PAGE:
To sum up: what I am talking about is a human condition reflected by the word “power.” We must finally resolve the historic and everyday dichotomies: man’s power over woman, man’s power over man, and man’s power over nature. For inherent in the issue of power—of domination—are the contradictory, destructive effects of power: the corruption of life-giving sexuality, of a life-nourishing society, of a life-orienting ego, and of a life-sustaining ecology. The statement “power corrupts” is not a truism because it has never been fully understood. It may yet become understood because power now destroys. No amount of theoretical exegesis can place power in the service of history or of a revolutionary organization. The only act of power that is excusable any longer is that one act—popular revolution—that will finally dissolve power as such by giving each individual power over his or her everyday life.

New York
August 1970

The May–June Events in France

1. France: A Movement for Life

The Quality of Everyday Life

The 1968 May–June uprising was one of the most important events to occur in France since the Paris Commune of 1871. Not only did it shake the foundations of bourgeois society in France, it raised issues and posed solutions of unprecedented importance for modern industrial society. It deserves the closest study and the most thoroughgoing discussion by revolutionaries everywhere.

The May–June uprising occurred in an industrialized, consumption-oriented country—less developed than the United States, but essentially in the same economic category. The uprising exploded the myth that the wealth and resources of modern industrial society can be used to absorb all revolutionary opposition. The May–June events showed that contradictions and antagonisms in capitalism are not eliminated by statification and advanced forms of industrialism, but changed in form and character.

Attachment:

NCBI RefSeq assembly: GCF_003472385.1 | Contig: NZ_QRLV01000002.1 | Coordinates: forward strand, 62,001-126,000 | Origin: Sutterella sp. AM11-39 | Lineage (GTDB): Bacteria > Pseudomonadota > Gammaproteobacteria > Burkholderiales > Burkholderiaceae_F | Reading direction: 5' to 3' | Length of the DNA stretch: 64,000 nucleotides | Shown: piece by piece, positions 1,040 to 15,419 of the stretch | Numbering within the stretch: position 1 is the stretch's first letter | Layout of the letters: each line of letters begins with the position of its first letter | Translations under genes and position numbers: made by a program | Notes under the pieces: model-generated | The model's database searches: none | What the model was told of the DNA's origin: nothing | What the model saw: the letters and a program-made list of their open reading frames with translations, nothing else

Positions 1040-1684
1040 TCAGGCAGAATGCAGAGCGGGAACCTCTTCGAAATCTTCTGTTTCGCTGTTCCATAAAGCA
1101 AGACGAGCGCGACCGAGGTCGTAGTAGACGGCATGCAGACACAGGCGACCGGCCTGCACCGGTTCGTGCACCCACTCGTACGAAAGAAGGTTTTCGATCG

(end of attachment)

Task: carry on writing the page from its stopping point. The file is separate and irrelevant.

The fact that the uprising took everyone by surprise, including the most sophisticated theoreticians in the Marxist, Situationist and anarchist movements, underscores the importance of the May–June events and raises the need to re-examine the sources of revolutionary unrest in modern society. The graffiti on the walls of Paris—“Power to the Imagination,” “It is forbidden to forbid,” “Life without dead times,” “Never work”—represent a more probing analysis of these sources than all the theoretical tomes inherited from the past. The uprising revealed that we are at the end of an old era and well into the beginning of a new one. The motive forces of revolution today, at least in the industrialized world, are not simply scarcity and material need, but also the quality of everyday life, the demand for the liberation of experience, the attempt to gain control over one’s own destiny. It matters little that the graffiti on the walls of Paris were initially scrawled by a small minority. From everything I have seen, it is clear that the graffiti (which now form the content of several books) have captured the imagination of many thousands in Paris. They have touched the revolutionary nerve of the city.

The Spontaneous Majority Movement

The revolt was a majority movement in the sense that it cut across nearly all the class lines in France. It involved not only students and workers, but technicians, engineers and clerical people in nearly every stratum of the state, industrial and commercial bureaucracy. It swept in professionals and laborers, intellectuals and football players, television broadcasters and subway workers. It even touched the gendarmerie of Paris, and almost certainly affected the great mass of conscript soldiers in the French army.

The revolt was initiated primarily by the young. It was begun by university students, then it was taken up by young industrial workers, unemployed youth, and the “leather jackets”—the so-called “delinquent youth” of the cities. Special emphasis must be given to high school students and adolescents, who often showed more courage and determination than the university students. But the revolt swept in older people as well—blue and white-collar workers, technicians and professionals. Although it was catalyzed by conscious revolutionaries, especially by anarchist affinity groups whose existence no one had even faintly supposed, the flow, the movement of the uprising was spontaneous. No one had “summoned it forth”; no one had “organized” it; no one succeeded in “controlling” it.